SAO PAULO – A Brazilian appeals court will issue a ruling on Jan. 24 on former President Luiz Inacio Lula da Silva’s appeal of his corruption conviction, officials said Tuesday.
Lula, who also is the subject of several other indictments, most related to the sprawling Car Wash probe into a massive corruption scheme centered on state oil company Petrobras, was sentenced to nine and a half years in prison in July for bribe-taking and money laundering.
If the appeals court in the southern city of Porto Alegre upholds that conviction, the former head of state would be barred from standing for a third term in elections scheduled for October 2018.
In the initial verdict, federal Judge Sergio Moro found Lula guilty of accepting bribes from construction company OAS in exchange for helping the firm obtain Petrobras contracts.
The bribes came in the form of 3.7 million reais ($1.1-million at the current exchange rate) worth of refurbishments to a seaside apartment, according to the ruling.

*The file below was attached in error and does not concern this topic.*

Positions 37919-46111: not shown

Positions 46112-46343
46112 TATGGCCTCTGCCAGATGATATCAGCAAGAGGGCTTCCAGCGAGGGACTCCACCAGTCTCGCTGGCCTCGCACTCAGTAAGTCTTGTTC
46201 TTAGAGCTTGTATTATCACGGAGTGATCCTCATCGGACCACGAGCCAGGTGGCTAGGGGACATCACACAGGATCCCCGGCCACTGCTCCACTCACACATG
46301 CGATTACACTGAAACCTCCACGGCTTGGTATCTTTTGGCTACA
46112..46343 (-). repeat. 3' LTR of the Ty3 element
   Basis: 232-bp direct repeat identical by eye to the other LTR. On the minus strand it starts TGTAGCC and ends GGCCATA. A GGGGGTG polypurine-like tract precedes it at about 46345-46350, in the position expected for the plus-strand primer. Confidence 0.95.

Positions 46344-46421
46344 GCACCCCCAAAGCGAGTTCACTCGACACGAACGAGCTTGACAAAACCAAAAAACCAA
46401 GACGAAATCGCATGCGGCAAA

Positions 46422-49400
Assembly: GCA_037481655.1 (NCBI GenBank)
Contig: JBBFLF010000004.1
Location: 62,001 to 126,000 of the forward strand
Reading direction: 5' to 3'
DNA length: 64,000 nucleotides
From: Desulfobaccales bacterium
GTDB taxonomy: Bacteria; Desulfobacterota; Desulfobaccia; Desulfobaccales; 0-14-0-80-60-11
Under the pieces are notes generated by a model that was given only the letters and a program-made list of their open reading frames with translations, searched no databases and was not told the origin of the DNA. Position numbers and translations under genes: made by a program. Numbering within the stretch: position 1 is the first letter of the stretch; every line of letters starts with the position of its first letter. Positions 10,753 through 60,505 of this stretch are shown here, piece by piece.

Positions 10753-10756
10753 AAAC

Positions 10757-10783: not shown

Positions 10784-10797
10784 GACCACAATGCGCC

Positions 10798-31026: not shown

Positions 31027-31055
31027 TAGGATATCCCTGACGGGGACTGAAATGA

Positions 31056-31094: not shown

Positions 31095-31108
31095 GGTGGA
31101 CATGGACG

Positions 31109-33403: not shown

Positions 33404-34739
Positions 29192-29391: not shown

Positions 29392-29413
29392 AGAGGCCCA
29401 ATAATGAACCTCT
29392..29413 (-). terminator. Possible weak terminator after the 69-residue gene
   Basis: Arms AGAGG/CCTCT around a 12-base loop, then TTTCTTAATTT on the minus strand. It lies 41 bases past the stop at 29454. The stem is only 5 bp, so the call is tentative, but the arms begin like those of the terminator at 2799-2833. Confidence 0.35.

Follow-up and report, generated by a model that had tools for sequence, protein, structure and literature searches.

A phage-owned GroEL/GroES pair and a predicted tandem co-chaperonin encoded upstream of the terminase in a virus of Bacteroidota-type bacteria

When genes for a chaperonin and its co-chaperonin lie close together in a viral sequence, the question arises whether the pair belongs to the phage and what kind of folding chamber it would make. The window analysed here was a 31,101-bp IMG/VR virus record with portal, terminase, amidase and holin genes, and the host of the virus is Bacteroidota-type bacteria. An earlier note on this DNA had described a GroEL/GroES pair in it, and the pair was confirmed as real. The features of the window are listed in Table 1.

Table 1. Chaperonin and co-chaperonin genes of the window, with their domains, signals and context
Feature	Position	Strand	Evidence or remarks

The conviction was handed down on July 12 but Lula, who governed Brazil from 2003 until the end of 2010, has been allowed to remain free pending appeal.
A decision on Lula’s fate will come in record time, given that similar cases have taken around a year to be resolved following the initial verdict.
Lula will be barred from seeking any public office if the earlier decision is upheld by a panel of three judges, who could even decide to lengthen his sentence.
The ex-president, who has repeatedly expressed his intention to run in next year’s election, has led in all the voter-preference surveys conducted to date.